My favorite setting (to annoy colleagues) is difok=6, which means only six characters of the last password can be reused and the last two entries must be a minimum of two numbers and two symbols (or "special characters") present within the password. To activate these settings, on Wheezy at least, you can run the following command:

# pam-auth-update

Try a few tests – carefully, so you can still log back in. For troubleshooting, you might want to check whether UsePAM yes is present in the file /etc/ssh/sshd_config file. Restart the OpenSSH server with systemctl restart ssh if you change the configuration.

Table 1 shows some of the excellent options for enforcing stricter passwords from the pam_cracklib manual, which covers libpam-cracklib. Experiment with these settings to your heart's content.

Table 1

Cracklib Password Enforcement Options

Option

Description

retry=N

Prompt user at most N times before returning with error. The default is 1.

difok=N

This argument will change the default of 5 for the number of character changes in the new password that differentiate it from the old password.

minlen=N

The minimum acceptable size for the new password (+1 if credits are not disabled as per the default). More detail for this option is available in the manual.

dcredit=N

(N >= 0) The maximum credit for having digits in the new password. If you have less than or N digits, each digit will count +1 towards meeting the current minlen value. The default for dcredit is 1, which is the recommended value for minlen less than 10. (N < 0) This is the minimum number of digits that must be met for a new password.

ucredit=N

(N >= 0) The maximum credit for having upper case letters in the new password. If you have less than or N uppercase letters, each letter will count +1 towards meeting the current minlen value. The default for ucredit is 1, which is the recommended value for minlen less than 10. (N < 0) This is the minimum number of uppercase letters that must be met for a new password.

lcredit=N

(N >= 0) The maximum credit for having lowercase letters in the new password. If you have less than or N lowercase letters, each letter will count +1 towards meeting the current minlen value. The default for lcredit is 1, which is the recommended value for minlen less than 10 (N < 0) This is the minimum number of lowercase letters that must be met for a new password.

ocredit=N

(N >= 0) The maximum credit for having other characters in the new password. If you have less than or N other characters, each character will count +1 towards meeting the current minlen value. The default for ocredit is 1, which is the recommended value for minlen less than 10. (N < 0) This is the minimum number of other characters that must be met for a new password.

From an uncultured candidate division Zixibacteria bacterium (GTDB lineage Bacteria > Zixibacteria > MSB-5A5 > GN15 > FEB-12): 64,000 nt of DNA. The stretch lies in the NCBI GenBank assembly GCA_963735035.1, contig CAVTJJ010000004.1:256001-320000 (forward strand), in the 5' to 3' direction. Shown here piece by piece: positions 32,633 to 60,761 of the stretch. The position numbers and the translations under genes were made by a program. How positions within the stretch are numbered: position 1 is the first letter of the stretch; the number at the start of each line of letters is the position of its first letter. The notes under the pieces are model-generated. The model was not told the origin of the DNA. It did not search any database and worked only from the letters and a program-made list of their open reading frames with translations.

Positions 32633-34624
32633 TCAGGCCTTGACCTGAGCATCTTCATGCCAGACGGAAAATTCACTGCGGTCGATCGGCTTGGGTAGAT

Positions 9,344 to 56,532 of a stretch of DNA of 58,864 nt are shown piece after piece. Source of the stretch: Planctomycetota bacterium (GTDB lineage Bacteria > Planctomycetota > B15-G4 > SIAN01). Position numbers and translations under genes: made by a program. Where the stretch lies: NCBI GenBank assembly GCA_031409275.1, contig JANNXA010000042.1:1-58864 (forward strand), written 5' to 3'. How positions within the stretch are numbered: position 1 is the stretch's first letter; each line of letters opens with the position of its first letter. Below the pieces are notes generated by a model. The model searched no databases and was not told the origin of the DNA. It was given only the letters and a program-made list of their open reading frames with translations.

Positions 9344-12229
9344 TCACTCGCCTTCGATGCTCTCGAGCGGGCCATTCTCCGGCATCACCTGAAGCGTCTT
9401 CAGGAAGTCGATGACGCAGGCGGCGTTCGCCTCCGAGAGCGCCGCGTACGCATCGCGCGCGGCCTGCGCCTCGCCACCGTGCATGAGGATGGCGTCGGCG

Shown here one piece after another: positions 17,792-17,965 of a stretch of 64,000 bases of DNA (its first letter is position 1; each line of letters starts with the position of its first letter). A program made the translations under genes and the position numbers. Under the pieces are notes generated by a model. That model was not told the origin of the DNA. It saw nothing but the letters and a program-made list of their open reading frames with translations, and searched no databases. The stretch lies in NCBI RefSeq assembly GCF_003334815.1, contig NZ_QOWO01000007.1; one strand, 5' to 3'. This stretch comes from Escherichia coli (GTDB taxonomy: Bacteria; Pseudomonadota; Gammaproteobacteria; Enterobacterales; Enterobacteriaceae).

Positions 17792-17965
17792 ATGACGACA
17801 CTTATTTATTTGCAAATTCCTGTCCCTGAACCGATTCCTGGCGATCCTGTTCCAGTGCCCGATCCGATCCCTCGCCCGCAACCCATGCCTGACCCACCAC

minclass=N

The minimum number of required classes of characters for the new password. The default number is zero. The four classes are digits, upper and lower letters and other characters. The difference to the credit check is that a specific class if of characters is not required. Instead N out of four of the classes are required.

maxrepeat=N

Reject passwords that contain more than N same consecutive characters. The default is 0, which means that this check is disabled.

maxsequence=N

Reject passwords that contain monotonic character sequences longer than N. The default is 0, which means that this check is disabled. Examples of such sequence are "12345" or "fedcb". Note that most such passwords will not pass the simplicity check unless the sequence is only a minor part of the password.

maxclassrepeat=N

Reject passwords that contain more than N consecutive characters of the same class. The default is 0, which means that this check is disabled.

reject_username

Check whether the name of the user in straight or reversed form is contained in the new password. If so, the new password is rejected.

gecoscheck

Check whether the words from the GECOS field (usually full name of the user) longer than 3 characters in straight or reversed form are contained in the new password. If any such word is found, the new password is rejected.

enforce_for_root

An "error" or "failed check" message prevents the root user from changing the password. This option is off by default, which means that the message about the failed check is printed, but root can change the password anyway.

use_authtok

This argument is used to force the module to not prompt the user for a new password but use the one provided by the previously stacked password module.

If you want to flex your Cracklib muscles, you could also go one step further and introduce your own dictionaries for Cracklib to check against. Look online for an old but nicely-written piece on using Cracklib with Django [5].